Me and my Kamloops
Red Hill Ramble in Winter

Red Hill Ramble in Winter

The middle elevation hills of Lac du Bois Grasslands Provincial Park are open areas with grass and sagebrush on rounded hills and ridges.   The soils are mainly a thin layer of organic materials on top of glacial tills.   Where the glaciers moved across bedrock outcrops, moraines collected into kames and shaped hills.   Between these hills potholes formed, once full of ice, but now are meltwater ponds.   Red Hill stands next to the Lac du Bois Road next to a parking area and gate.    When ATVS/motorcycles frequented the area, the hill was scarred with read streaks from the reddish rock and soil of the hill.   Now grasses cover 3 sides of the hill.   The east side (out of sight from the road) has reddish cliffs overlooking the hidden pond.   Each winter I put on my snowshoes or microspikes and do a circuit exploring the ridges, ponds, basins, and hills of the area.

My route on this sunny day was straight up the west side of the hill, climbing the snowy slopes with microspikes on my boots.   Views extended west across the grasslands to Mount Mara.

From atop Red Hill the views extend in a 360 degree radius.   Below to the east is the Red Hill pond and a series of hills across the Batchelor Range.   The dome Hills and Strawberry Hills stand higher across the North Thompson river.

In the distance, 37 km east-northeast are the Sun Peaks/Tod Mountain Range.

I went down the steep north slope then around the pond.   the reddish color of the hill is more obvious from this spot.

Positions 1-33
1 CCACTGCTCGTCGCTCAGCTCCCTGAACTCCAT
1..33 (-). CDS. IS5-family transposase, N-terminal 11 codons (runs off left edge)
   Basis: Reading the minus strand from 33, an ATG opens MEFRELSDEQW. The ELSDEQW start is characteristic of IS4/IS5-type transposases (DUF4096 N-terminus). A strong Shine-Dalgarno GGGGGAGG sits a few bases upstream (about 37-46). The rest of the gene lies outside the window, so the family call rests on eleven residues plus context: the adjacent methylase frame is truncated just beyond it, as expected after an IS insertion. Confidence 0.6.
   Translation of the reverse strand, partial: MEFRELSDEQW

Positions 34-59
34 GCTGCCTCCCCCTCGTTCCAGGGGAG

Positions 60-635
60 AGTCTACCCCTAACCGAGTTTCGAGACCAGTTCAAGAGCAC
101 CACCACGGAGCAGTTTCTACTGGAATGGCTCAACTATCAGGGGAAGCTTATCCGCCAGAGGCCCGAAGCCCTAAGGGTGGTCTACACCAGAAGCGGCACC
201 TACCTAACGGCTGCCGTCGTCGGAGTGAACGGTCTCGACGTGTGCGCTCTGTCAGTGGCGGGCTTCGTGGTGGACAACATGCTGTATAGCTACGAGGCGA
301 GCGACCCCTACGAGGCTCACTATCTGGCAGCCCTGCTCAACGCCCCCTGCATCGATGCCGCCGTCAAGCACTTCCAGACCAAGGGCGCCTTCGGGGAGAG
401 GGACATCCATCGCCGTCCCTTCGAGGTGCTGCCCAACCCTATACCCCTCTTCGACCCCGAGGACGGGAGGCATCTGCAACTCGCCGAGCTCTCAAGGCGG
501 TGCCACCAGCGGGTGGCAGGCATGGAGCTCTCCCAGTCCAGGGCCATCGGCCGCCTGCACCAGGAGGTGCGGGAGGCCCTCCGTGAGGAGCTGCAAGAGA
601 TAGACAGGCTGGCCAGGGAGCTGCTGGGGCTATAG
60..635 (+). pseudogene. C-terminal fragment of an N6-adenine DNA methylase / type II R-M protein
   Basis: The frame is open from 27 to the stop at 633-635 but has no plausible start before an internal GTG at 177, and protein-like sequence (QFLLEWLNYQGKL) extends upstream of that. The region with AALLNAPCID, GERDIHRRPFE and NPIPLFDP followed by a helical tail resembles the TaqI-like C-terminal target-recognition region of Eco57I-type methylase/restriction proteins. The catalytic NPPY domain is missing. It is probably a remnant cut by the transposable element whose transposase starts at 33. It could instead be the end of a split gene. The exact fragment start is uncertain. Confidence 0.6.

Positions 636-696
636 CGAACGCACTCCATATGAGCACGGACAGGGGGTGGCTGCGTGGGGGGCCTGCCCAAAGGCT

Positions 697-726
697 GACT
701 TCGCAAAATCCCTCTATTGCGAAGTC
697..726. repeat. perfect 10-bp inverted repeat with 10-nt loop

The sun shone brightly over the hills as I stomped on the snow over the next ridge.

The next pond is a bit higher and a bit larger, in a basin fed by meltwater from the surrounding hills.   This is a quiet and picturesque spot.

I did a loop around this pond too, climbing the ridges for better views.

I spent some time exploring the hills on the way back, completing a 4+ km loop route.   There are many possible routes in the middle grasslands, but this one is one of my favorites.

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Doug Smith

Doug writes for Kamloops Trails, a not-for-profit (and ad free) website, offering information on trails, waterways, routes, featured spots, viewpoints, and explorations in the outdoors in the Kamloops area (and beyond).

Doug started exploring this area in 1976 and continues to follow tracks and routes wherever they lead, with the aid of map, compass, GPSr and camera. After many dead-ends, but also many discoveries, he chose to share this information.

The Kamloops Trails website has a massive number of interesting posts and would be of interest to anyone in Kamloops who enjoys the outdoors. Visit the Kamloops Trails website at: http://www.kamloopstrails.net/

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